The USGS has an extensive network of streamgages in all 50 States and Territories. With the proposed funding increases, the USGS will be able to fully fund 100 additional streamgages, as well as partner with other agencies on 200 more streamgages. In addition, the USGS will also be able to invest in research and development on the next generation of streamgages. These streamgages will make use of the latest in remote sensing, bathymetry, and particle imagery to deliver streamflow information while achieving cost efficiencies.
In most years, flooding causes the greatest amount of property damage and loss of human life of all natural disasters. One of the most effective ways of reducing these losses is advance warning of the flood and knowledge of the areas that are likely to be flooded. The National Weather Service (NWS) provides flood forecasts using models that are calibrated, checked, and verified with USGS-supplied streamflow information. Recently, the USGS has helped develop a new tool called a flood inundation map library to assist first responders and the general public in 4
knowing what areas will be flooded and how deep those flood waters will be for a given storm based on the NWS flood forecast. Real-time flood inundation map applications run flood simulations and create maps "on the fly" during a flood, using real-time data. The maps are freely available to anyone at any time. For 2013 and 2014, additional rivers will be mapped for estimates of flood inundation. The USGS will continue to work with other Federal agencies (NWS, Corps of Engineers, and Federal Emergency Management Agency), state emergency management agencies, and private companies to enhance and provide consistent flood inundation maps for the public and emergency responders.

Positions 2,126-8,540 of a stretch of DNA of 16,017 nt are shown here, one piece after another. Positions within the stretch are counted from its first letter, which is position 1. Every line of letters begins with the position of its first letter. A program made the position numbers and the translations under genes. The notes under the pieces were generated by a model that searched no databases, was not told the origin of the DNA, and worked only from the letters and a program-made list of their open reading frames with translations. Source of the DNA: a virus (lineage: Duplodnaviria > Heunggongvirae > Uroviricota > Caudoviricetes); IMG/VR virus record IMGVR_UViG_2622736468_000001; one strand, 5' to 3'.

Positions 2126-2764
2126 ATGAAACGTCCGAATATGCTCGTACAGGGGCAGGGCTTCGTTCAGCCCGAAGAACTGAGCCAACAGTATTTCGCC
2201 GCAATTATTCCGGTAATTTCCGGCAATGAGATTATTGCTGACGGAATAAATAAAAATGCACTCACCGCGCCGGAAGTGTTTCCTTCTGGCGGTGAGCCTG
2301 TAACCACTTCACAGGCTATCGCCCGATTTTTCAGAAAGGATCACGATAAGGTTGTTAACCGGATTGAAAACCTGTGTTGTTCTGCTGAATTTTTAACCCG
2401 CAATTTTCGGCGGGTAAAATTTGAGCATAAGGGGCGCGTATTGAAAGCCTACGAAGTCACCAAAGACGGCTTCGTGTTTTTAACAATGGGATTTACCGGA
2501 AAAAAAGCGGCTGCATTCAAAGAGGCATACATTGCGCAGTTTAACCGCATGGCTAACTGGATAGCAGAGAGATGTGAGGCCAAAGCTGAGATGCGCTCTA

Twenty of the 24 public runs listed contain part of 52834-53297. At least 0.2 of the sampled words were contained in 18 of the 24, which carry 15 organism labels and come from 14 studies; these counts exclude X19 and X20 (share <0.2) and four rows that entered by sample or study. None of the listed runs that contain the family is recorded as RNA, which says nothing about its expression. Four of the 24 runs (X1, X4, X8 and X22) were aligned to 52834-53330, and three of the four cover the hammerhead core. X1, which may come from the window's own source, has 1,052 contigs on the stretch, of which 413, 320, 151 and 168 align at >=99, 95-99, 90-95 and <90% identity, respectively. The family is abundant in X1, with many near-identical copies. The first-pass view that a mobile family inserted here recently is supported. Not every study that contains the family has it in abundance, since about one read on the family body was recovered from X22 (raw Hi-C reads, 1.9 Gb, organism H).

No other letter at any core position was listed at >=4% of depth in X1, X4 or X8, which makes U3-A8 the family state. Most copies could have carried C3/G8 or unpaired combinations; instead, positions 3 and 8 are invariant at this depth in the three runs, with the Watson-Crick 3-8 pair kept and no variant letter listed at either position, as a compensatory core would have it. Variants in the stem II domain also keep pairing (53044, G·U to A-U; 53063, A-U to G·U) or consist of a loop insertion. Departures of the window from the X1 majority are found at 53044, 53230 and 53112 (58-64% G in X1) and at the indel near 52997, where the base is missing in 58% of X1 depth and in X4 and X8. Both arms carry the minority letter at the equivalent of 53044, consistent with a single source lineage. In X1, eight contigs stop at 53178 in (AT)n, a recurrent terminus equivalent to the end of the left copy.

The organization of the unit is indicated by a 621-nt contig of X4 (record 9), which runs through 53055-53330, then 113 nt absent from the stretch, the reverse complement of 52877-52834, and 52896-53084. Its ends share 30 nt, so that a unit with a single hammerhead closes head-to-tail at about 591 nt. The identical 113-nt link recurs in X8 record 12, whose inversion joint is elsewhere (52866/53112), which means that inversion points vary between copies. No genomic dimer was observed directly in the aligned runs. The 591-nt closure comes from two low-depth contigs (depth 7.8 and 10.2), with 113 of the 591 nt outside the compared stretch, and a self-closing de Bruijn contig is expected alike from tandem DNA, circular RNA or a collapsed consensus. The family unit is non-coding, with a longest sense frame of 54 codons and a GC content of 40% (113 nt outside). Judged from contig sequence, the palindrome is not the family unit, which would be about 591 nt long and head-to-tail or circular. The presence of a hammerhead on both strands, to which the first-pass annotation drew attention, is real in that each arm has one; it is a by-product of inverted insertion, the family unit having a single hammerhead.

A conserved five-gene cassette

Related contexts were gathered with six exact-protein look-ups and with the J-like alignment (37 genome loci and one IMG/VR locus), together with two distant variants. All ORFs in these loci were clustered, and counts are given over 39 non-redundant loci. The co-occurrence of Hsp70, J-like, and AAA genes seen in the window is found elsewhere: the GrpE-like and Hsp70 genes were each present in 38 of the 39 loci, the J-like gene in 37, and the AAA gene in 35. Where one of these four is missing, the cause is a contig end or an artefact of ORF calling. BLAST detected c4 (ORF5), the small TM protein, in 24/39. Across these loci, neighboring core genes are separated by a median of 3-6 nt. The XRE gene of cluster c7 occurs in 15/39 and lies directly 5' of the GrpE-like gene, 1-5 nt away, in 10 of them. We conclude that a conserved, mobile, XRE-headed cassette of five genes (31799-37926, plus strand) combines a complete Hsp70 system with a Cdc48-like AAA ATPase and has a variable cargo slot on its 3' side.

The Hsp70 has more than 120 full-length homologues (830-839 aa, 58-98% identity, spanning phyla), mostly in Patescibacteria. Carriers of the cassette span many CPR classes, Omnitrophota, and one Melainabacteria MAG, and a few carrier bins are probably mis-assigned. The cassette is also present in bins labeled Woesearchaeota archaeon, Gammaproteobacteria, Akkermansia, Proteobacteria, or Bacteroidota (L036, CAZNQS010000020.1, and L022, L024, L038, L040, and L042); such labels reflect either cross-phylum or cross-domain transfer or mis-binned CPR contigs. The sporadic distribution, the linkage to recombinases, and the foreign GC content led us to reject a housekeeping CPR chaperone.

NSIP has helped develop and utilize rapid-response streamgages that can be rapidly delivered and put into operation providing real-time streamflow information to the USGS and others via the Web within an hour of arriving on site. Rapid response gages provide information to emergency responders about floods that help identify areas at greatest risk. These streamgages have also been used as a back-up streamgage where permanent streamgages have been lost or were in danger of being inundated. These temporary streamgages can also be used in areas with recent wildfires to measure the changes caused by the fires and to better describe and understand aquatic habitat, both natural conditions and disturbed. In most cases, the rapidly deployable streamgages can be shipped within a day and can stay in operation for a few days to a few years. For 2013 and 2014, the goal will be to develop additional real-time streamgages and deploy them in flood situations, drought areas, recent wildfire areas, and habitat assessment areas.